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Bermuda Championship

Arjun Atwal finds out he's in Bermuda field 25 minutes before tee time, promptly shoots 63

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Andy Lyons

Unlike Bermuda Championship leader Austin Smotherman, who came into the week well-prepared, Arjun Atwal was coming in ice cold. Three months ago, the 49-year-old from India lost his father, the first death of an immediate family member that Atwal had experienced. During the mourning period, Atwal put the clubs away, not playing a single round of golf until last Friday at Isleworth in Florida. As of a 8:45 a.m. Thursday morning, he wasn't even in the Bermuda field.

As an alternate, though, Atwal still made the trip to Bermuda just in case someone withdrew. Someone did Thursday morning—Nicholas Lindheim, who cited a back injury. That opened up a spot for Atwal, who got to the course early but still had no idea he'd be playing until 25 minutes before his tee time.

"I figured be here before the first tee time, so I got here around 7:30 [a.m. local time]," Atwal said. "Hit a few wedges and then went in to eat breakfast and about 8:45 my caddie texted me. He's like, 'oh, 9:10 we might have a game.' So I left my breakfast, came out, hit a few drivers and off we went. It was fun, started with three birdies in a row."

The "game" his caddie was referring to was actually Atwal's first competitive round since July 22, when he was disqualified from the 3M Open after shooting rounds of 73 and 78. Prior to that, he had made just six PGA Tour starts during the 2021-22 season, missing the cut in four and tying for 71st and 63rd in the other two.

That was all ancient history after Atwal's early birdie binge, which he followed with four straight pars and then a birdie-birdie finish for a front-nine 30. His lone slip-up came at the par-4 10th, where he made bogey, but Atwal made up for it with four birdies over his last eight holes to finish with an eight-under 63, his lowest round on the PGA Tour since he shot a first-round 65 at the 2011 (!!) RBC Heritage.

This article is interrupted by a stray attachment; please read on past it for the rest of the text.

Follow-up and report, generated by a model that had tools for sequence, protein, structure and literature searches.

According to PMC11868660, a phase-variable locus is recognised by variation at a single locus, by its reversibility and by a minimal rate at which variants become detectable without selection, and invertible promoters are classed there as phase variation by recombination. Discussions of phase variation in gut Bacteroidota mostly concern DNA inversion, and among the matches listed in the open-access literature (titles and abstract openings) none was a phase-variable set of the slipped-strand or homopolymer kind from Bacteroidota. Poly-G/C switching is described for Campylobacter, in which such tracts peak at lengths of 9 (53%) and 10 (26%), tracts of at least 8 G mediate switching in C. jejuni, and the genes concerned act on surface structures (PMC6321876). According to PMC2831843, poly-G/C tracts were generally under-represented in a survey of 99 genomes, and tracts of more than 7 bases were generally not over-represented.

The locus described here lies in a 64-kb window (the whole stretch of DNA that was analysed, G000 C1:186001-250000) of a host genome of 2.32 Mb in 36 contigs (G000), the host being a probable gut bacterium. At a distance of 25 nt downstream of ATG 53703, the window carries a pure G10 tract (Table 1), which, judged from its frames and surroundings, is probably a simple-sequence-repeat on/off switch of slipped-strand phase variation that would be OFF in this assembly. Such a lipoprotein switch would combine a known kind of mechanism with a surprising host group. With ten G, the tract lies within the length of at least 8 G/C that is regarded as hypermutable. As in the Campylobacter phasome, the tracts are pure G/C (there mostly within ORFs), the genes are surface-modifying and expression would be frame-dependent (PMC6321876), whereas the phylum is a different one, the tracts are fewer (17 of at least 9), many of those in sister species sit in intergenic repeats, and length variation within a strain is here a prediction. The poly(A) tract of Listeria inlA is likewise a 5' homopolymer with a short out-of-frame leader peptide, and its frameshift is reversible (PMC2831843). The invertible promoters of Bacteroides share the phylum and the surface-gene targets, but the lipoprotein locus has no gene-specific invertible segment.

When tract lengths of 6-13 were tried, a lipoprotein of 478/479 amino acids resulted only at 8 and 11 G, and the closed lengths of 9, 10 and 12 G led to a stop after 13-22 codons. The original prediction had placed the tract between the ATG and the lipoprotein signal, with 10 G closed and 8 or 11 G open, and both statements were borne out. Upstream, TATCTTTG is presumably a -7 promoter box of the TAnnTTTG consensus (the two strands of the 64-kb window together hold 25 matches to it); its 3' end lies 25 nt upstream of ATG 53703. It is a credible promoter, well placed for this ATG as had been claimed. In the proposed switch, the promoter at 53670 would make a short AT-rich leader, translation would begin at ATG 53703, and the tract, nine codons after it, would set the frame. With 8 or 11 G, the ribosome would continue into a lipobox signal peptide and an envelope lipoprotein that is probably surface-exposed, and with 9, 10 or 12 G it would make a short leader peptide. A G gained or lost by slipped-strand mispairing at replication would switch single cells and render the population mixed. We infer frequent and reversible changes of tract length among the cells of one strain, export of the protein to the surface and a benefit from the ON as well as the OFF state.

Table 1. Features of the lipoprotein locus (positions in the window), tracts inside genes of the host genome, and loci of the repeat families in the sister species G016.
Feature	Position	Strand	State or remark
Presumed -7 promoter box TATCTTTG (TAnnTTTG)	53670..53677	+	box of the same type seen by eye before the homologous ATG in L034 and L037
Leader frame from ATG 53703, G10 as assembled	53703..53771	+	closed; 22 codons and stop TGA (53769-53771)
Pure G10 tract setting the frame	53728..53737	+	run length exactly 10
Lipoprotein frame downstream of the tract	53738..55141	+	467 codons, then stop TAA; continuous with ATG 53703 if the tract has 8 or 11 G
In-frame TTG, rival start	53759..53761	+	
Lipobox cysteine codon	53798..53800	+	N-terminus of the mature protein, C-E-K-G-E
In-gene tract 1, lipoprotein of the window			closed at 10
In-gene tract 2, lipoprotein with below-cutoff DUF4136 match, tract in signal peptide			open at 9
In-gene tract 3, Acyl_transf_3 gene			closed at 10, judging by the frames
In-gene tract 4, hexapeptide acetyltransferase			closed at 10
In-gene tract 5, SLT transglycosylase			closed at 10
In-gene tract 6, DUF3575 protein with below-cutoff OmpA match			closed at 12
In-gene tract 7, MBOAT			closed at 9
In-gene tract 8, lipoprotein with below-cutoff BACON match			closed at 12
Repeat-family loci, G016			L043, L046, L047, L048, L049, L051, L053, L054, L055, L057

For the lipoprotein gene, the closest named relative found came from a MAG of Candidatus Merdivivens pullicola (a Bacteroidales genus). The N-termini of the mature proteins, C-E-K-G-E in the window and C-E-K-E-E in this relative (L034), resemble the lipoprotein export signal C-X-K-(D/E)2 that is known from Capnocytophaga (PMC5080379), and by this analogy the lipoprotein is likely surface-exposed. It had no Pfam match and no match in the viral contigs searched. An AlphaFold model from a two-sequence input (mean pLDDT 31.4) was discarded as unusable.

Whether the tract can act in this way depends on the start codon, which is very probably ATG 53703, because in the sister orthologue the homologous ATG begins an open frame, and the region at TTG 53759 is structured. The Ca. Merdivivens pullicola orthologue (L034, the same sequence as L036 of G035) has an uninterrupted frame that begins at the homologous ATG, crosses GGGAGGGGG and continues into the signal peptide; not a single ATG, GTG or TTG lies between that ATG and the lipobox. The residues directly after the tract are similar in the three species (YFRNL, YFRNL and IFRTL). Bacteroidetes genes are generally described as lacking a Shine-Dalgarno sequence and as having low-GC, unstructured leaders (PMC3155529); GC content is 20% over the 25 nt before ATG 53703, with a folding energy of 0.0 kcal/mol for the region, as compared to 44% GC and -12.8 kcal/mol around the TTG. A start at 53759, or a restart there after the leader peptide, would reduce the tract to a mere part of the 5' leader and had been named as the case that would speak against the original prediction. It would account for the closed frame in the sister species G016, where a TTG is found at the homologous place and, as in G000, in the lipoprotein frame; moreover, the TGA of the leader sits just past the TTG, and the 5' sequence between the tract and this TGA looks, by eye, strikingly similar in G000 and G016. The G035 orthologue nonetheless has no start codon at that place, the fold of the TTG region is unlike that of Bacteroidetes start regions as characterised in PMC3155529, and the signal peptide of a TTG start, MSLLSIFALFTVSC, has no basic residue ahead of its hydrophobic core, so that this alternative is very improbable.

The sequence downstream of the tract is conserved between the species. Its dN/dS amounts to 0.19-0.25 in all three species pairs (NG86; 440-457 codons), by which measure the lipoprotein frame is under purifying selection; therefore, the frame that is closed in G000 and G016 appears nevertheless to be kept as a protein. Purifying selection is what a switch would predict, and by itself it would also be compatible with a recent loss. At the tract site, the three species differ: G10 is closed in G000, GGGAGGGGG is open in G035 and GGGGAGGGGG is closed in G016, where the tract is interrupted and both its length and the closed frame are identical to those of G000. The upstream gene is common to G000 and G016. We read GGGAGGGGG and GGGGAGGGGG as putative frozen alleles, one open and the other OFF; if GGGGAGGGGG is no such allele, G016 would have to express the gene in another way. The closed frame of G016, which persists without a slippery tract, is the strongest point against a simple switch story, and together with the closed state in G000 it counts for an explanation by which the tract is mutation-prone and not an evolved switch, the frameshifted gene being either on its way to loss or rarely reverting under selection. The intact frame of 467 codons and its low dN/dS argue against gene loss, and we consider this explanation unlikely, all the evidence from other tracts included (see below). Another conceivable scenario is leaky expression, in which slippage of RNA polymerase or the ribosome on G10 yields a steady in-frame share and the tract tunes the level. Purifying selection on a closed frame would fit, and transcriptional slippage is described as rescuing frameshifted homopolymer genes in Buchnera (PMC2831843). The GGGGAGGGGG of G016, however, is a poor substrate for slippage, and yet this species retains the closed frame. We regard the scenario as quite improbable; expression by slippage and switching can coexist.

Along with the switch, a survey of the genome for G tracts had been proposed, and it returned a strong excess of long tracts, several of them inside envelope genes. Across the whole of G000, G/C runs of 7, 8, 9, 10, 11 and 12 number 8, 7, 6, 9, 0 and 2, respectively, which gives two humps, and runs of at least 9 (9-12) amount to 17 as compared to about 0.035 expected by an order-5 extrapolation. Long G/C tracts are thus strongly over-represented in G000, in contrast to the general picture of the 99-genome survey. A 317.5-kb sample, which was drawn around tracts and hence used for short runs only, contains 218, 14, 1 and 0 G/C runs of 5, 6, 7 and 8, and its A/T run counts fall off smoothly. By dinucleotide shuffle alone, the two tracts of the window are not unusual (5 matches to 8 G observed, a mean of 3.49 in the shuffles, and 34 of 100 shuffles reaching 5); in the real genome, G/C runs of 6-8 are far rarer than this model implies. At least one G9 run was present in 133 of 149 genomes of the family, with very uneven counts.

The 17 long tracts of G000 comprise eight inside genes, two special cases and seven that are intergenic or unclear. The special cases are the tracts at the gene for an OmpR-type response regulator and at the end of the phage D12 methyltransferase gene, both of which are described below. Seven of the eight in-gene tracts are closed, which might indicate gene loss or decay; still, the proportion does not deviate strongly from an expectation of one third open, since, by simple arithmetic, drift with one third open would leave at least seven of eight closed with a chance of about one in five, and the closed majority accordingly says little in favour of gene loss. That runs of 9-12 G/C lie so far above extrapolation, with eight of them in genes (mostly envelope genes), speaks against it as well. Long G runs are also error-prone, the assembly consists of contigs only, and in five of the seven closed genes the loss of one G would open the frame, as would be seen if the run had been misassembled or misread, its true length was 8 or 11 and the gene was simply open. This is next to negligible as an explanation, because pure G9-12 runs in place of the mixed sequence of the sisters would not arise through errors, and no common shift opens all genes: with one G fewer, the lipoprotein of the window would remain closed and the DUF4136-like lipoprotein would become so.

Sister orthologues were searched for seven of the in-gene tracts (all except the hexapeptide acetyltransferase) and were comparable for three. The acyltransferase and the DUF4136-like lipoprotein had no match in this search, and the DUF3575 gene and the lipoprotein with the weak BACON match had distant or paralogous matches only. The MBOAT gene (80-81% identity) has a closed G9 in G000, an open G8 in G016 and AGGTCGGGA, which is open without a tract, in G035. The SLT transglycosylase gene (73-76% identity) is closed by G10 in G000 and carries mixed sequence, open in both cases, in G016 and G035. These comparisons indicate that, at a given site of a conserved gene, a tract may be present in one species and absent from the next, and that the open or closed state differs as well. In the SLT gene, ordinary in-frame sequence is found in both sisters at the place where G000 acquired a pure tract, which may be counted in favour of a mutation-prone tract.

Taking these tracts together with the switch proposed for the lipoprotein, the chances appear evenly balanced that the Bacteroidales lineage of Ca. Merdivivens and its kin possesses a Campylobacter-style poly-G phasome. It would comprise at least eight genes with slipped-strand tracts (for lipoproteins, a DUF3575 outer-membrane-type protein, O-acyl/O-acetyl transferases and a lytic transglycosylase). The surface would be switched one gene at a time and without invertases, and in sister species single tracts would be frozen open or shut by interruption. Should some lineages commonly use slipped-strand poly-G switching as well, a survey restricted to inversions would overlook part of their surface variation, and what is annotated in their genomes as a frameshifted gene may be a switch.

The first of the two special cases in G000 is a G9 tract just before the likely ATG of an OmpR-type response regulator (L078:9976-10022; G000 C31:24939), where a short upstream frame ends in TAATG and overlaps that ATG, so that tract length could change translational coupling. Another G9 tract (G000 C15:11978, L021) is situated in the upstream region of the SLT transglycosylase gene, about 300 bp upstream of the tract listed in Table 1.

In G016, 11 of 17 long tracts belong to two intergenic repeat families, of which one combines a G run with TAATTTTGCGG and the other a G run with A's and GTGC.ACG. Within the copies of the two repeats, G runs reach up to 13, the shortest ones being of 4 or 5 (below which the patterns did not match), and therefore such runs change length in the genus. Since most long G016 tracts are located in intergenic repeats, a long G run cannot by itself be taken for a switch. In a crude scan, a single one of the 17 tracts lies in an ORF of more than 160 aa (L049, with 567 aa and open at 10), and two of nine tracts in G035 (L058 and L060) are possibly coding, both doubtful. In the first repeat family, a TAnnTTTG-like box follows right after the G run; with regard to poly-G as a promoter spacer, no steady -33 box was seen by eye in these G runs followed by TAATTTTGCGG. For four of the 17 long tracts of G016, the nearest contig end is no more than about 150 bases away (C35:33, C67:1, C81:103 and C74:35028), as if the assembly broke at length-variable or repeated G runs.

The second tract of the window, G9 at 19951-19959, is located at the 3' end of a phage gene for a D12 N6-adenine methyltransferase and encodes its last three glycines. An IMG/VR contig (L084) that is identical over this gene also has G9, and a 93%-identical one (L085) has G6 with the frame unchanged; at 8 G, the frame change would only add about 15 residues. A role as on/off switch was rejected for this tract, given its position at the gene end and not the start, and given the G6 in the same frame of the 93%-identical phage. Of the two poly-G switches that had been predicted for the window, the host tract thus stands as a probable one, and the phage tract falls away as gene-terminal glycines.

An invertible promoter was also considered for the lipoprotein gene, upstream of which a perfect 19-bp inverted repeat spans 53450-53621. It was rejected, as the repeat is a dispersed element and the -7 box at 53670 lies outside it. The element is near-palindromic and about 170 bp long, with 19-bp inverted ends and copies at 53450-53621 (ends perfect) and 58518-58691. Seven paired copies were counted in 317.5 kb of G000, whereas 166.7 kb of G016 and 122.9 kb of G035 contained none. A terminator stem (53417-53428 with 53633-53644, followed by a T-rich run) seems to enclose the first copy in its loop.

"The only thing I could see was hopefully I could get around this place walking," Atwal said. "Because I haven't played much golf. I lost my father about three months ago in India, so I went over there. You know, I just haven't played golf, and forget walking. I played 18 holes at Isleworth last Friday in our Scotch game in a golf cart and it's not the same as this place, as you guys know, so I'm really pleased I got the 18 holes in and I'm not worn out as such."

Walking and not being worn down are now the least of Atwal's worries. Barring some serious afternoon fireworks, he'll be in at least a tie for second by day's end, which puts him firmly in the mix heading into Friday. As Atwal sees it, though, he's just enjoying the ride.

"The game's just a game," he said. "I take it for what it is now, you know, and I have nothing to prove to anybody. I've won out here [2010 Wyndham Championship], I've won on the European Tour, the Asian Tour and I'm looking forward to the 50 tour next year after March, that will be fun."

For now, the PGA Tour Champions will have to wait (Atwal turns 50 next March). He's still hanging with the young guys despite them having no idea who he is.

"I'm just really looking forward to playing out there with my buddies because I really don't know too many people on this tour anymore," he said. "There's so many kids and they're like, they see me walking around like, 'Who's this old dude?'"